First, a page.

1990 saw news anchor, Toyohiro Akiyama, rocketed to the MIR Space Station for the ticket price of $28 million. But, because his network picked up the tab, he became the first business traveler in space – not a tourist.
American Dennis Tito was set to travel to the MIR Space Station until it de-orbited (crashed). Unfazed, he arranged passage to NASA’s International Space Station through the privately held, Space Adventures, Ltd. That flight made Space Adventures the first company to ever send a paying passenger to space.
The MIR crash also cancelled NBC’s plan for a new reality show called Destination MIR. Contestants were to be eliminated through cosmonaut training exercises – the prize would have been a trip to MIR.
Hilton Hotels joined the space tourism industry by co-funding a plan to build a space station – the Hilton Orbital Hotel. The company believes the space hotel is still 15 to 20 years away.
At the turn of the century, X Prize, a national contest, offered $10 million to the first private company to develop a reusable space ship to carry private passengers. In October 2004, Scaled Composites, a California based company, won the prize with Space Ship One.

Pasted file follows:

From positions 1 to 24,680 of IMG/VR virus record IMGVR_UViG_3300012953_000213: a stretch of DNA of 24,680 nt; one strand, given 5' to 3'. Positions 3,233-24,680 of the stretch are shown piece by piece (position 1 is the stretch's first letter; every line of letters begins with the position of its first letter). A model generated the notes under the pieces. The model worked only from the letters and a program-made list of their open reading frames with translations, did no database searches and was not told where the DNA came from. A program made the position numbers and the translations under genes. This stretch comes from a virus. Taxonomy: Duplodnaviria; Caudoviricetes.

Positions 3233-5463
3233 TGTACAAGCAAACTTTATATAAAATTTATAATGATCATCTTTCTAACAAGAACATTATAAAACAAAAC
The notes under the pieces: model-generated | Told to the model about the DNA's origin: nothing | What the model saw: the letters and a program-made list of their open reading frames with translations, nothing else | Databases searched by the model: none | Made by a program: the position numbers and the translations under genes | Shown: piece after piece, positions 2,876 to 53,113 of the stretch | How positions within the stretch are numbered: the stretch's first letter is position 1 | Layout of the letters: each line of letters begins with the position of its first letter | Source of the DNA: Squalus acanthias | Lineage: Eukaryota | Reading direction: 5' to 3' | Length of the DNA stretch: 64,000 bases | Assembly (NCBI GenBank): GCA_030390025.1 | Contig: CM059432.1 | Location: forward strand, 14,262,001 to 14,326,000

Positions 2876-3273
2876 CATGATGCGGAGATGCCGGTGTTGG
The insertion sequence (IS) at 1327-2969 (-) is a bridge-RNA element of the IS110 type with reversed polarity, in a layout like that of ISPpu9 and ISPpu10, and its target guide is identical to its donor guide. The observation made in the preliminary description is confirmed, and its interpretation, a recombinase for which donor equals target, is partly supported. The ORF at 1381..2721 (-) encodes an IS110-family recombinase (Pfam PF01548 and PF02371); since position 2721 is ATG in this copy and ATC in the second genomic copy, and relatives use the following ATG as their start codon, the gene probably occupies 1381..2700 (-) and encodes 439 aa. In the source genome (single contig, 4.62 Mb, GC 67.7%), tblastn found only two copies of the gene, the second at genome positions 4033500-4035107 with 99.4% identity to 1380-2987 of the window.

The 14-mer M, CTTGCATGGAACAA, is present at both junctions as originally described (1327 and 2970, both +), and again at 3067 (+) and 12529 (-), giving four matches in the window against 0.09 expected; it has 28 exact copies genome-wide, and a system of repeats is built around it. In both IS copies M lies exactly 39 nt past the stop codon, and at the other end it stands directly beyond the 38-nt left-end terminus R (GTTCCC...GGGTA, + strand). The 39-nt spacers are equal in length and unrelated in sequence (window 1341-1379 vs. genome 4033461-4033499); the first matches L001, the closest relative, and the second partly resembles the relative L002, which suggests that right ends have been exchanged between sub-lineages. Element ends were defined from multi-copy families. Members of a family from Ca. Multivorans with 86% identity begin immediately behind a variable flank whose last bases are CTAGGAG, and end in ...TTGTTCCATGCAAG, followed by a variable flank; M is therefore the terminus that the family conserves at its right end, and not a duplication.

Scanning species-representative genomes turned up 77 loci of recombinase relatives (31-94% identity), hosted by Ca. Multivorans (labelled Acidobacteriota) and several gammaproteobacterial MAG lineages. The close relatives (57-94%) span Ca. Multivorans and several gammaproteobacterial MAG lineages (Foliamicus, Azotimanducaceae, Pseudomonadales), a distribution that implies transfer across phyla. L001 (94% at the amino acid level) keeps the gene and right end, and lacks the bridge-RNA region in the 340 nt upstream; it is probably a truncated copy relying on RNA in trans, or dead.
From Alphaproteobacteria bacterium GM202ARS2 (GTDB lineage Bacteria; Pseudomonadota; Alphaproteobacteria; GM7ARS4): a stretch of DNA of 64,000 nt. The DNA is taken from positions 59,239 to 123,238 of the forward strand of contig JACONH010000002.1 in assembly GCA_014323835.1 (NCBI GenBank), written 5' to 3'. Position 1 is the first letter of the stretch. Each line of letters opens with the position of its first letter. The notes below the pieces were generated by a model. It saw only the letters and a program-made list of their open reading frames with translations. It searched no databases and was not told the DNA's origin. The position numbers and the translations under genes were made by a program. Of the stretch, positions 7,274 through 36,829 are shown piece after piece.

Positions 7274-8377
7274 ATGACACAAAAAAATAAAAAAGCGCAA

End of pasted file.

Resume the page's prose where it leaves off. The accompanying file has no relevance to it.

With over 500 passengers already booked with a $20,000 deposit towards the $200,000 flight, Richard Branson’s Virgin Galactic is on-track to launch a late 2013 commercial space flight. Among the first passengers booked are; Tom Hanks, Stephen Hawking, Brad Pitt, Angelina Jolie and Paris Hilton.
History was made on May 25, 2012, when SpaceX’s Falcon 9 spacecraft became the first privately built vehicle to visit the International Space Station and return safely.
That makes 9 of the biggest leaps in technology. What inventions should make the final 3? Let us know in the comments.